Vietnam tank

Cu Chi Tunnels & War Remnants Museum – Saigon

Saigon played an important role in the Vietnam war. When visiting the city, there are two places where you can witness what the Vietnamese lived during the Vietnam war: The Cu Chi Tunnels and the War Remnants Museum.

The War Remnants Museum

you can find this museum in the center of Saigon. From most hotels in HCMC in districts 1,3,5 and 6, you’ll get there for 10,000VND. The entrance fee for the museum is 15,000 VND (2017). There’s an open-air part with airplanes, tanks and a prison, and a museum that has been set up to walk from the upper floors down to the ground floor.

The war remnants museum - Saigon|Ho Chi Minh City
The war remnants museum – Saigon|Ho Chi Minh City

Agent Orange today

The war ended officially in 1975, but the effects last to this day. The amount of dioxin that the USA dropped on the land in Agent Orange is staggering. And while the 2.8 Million (!) US Veterans are entitled to some compensation when being exposed to it, the Vietnamese people have to deal with it on their own now. Birth defects are still above average here. The museum shows how some of the victims have done extraordinary things: there is a swimming champion, a woman who biked around Vietnam, and so on…

Peace movement

There is a wide collection of pictures and posters showing the movements around the world condemning the USA for the war in Vietnam, and asking for peace.

Torture and war crimes

With the USA  still not accepting the authority of the International Criminal Court, this is a difficult point to discuss with Americans. The museum documents some crimes done by the US GI’s in this country that should (have) merit(ed) a treatment by this court. Some of the pictures and stories are shocking. Many visitors – with them many Americans – have difficulties going from one story to the next.

So, all in the war remnants museum in Ho Chi Minh city isn’t made to come out with a big smile on your face. But when you’re here, it’s time to have a look at the other side of the story.

The Cu Chi Tunnels

Display in the Cu Chi Tunnel open air museum
Display in the Cu Chi Tunnel open air museum

2 hours north of Ho Chi Minh City, the Cu Chi Tunnels give a unique insight into how the Vietcong lived in tunnels. I booked a tour to have a look. On the way there, our minivan made the first stop in a factory where victims of agent orange make small art for the souvenir shops. That included this fake Tintin in Vietnam drawing…

Arriving at the museum, I wished I had brought my insect repellent. This is not the city, and still, an area where dengue fever and malaria might happen (even while the risk is very low). Make a mental note that repellent will be, just like TP, part of the everyday pack…

The whole procedure of getting a ticket (a double ticket actually) and the entranceway is so showing that this has been created without any feel for the cost of salaries (everybody had a job here) or any efficiency. But that in itself might be the best way to enter the communist side of this war.

The tour shows a video, a tunnel entrance built to take a picture, some entrance holes, sniper alleys, and gives a good view of how life must have been here. Pretty amazing if you know that we’re in the South of Vietnam, controlled by the Americans and the South Vietnamese army and that the tunnels were less than 10 miles away from one of the American bases.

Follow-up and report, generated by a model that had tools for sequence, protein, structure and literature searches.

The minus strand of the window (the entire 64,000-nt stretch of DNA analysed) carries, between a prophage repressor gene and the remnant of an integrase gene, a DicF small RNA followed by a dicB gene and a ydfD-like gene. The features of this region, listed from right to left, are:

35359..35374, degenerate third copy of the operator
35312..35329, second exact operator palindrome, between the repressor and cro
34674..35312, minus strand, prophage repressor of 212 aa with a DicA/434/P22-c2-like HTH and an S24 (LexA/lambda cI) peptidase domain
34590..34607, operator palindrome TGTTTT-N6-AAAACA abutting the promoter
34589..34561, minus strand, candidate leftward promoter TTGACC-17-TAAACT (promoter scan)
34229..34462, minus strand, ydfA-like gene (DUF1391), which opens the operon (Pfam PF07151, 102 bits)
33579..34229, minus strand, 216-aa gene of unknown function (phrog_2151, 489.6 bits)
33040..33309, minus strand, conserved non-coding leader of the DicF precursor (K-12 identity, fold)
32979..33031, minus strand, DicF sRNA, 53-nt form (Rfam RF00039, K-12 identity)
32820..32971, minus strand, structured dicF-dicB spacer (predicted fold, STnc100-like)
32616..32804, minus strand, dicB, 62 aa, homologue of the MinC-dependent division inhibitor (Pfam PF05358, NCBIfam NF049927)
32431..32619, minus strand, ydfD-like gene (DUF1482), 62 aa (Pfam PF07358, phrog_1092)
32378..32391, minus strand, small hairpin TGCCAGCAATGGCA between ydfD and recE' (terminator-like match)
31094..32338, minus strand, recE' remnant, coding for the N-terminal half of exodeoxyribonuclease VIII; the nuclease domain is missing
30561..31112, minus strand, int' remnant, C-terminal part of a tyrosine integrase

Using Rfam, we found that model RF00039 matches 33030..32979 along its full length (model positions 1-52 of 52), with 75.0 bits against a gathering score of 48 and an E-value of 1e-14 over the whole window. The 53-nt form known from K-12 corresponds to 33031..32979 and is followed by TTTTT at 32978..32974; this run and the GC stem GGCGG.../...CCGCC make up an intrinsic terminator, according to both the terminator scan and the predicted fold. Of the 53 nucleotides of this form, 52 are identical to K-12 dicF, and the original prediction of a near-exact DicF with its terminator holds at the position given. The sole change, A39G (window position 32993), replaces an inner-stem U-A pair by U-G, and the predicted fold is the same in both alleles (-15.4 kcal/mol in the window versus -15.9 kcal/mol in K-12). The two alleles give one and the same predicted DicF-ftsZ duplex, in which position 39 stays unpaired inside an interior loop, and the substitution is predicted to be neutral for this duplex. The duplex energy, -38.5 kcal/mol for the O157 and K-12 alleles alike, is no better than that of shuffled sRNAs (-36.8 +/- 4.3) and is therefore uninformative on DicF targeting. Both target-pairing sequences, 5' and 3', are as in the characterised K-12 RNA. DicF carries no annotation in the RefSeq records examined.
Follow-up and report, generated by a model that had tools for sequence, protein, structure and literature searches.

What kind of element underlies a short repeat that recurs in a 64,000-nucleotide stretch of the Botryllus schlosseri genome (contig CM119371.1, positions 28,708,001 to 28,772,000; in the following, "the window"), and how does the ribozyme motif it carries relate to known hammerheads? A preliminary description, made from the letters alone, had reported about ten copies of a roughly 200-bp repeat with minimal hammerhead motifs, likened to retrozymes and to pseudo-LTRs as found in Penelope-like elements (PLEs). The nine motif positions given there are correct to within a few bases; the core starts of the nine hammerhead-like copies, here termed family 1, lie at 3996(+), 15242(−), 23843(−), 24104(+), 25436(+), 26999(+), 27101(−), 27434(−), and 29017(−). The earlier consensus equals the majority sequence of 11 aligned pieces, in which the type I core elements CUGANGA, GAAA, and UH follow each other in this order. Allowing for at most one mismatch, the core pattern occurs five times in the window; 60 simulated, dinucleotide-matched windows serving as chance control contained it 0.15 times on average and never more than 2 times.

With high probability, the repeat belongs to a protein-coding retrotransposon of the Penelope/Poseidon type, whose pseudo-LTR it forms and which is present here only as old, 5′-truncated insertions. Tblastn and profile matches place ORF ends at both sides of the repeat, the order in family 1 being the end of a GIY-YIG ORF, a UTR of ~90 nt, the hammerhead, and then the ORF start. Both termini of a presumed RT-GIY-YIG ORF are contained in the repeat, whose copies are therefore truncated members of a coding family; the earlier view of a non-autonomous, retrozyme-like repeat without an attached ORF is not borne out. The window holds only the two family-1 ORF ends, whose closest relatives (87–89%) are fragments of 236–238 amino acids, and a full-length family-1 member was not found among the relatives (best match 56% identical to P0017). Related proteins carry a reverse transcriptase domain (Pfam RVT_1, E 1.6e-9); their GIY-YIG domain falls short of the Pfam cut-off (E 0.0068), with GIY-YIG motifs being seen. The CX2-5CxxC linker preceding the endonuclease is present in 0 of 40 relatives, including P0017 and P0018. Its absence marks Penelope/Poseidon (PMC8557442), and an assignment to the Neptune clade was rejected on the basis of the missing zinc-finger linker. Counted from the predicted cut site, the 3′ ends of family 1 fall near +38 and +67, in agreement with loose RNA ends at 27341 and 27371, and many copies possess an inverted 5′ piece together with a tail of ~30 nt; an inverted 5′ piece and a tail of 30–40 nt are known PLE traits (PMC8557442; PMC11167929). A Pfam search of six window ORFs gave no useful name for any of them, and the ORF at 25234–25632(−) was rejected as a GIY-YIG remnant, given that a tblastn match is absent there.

Gun Fire

During the whole visit, you hear gunfire. The place has a shooting range. I felt that being very much out of place here, but seeing the number of people wanting to go and shoot machine guns, I was apparently a minority.

The highlight of the visit is entering a tunnel (yep, enlarged to let us larger western people get through it. After 20 or 40 you can decide to exit the tunnel, or you can crawl all the way through the 130-meter long tunnel. A guide goes first, and there are some lights in the tunnel.

The last stop before we all got herded into the souvenir shop, is a kitchen where we taste the tapioca roots (yummy!) and some tea.

I left HCMC at 8 am, and before 2 pm the van dropped me back off in front of my apartment.  Happy I saw it, but not that spectacular it will be on the “do again when I’m here”-list. The whole trip inspired me to go and search for the Billy Joel song “Goodnight Saigon”, and find some more of the sounds of the Vietnam war era.


“Goodnight Saigon”: 
Writer: Billy Joel

We met as soul mates
On Parris Island
We left as inmates
From an asylum
And we were sharp
As sharp as knives
And we were so gung ho
To lay down our lives

We came in spastic
Like tameless horses
We left in plastic
As numbered corpses
And we learned fast
To travel light
Our arms were heavy
But our bellies were tight

We had no home front
We had no soft soap
They sent us Playboy
They gave us Bob Hope
We dug in deep
And shot on sight
And prayed to Jesus Christ
With all of our might

We had no cameras
To shoot the landscape
We passed the hash pipe
And played our Doors tapes
And it was dark
So dark at night
And we held on to each other
Like brother to brother
We promised our mothers we’d write
And we would all go down together
We said we’d all go down together
Yes we would all go down together

Remember Charlie
Remember Baker
They left their childhood
On every acre
And who was wrong?
And who was right?
It didn’t matter in the thick of the fight

We held the day
In the palm
Of our hand
They ruled the night
And the night
Seemed to last as long as six weeks
On Parris Island

We held the coastline
They held the highlands
And they were sharp
As sharp as knives
They heard the hum of our motors
They counted the rotors
And waited for us to arrive
And we would all go down together
We said we’d all go down together
Yes we would all go down together

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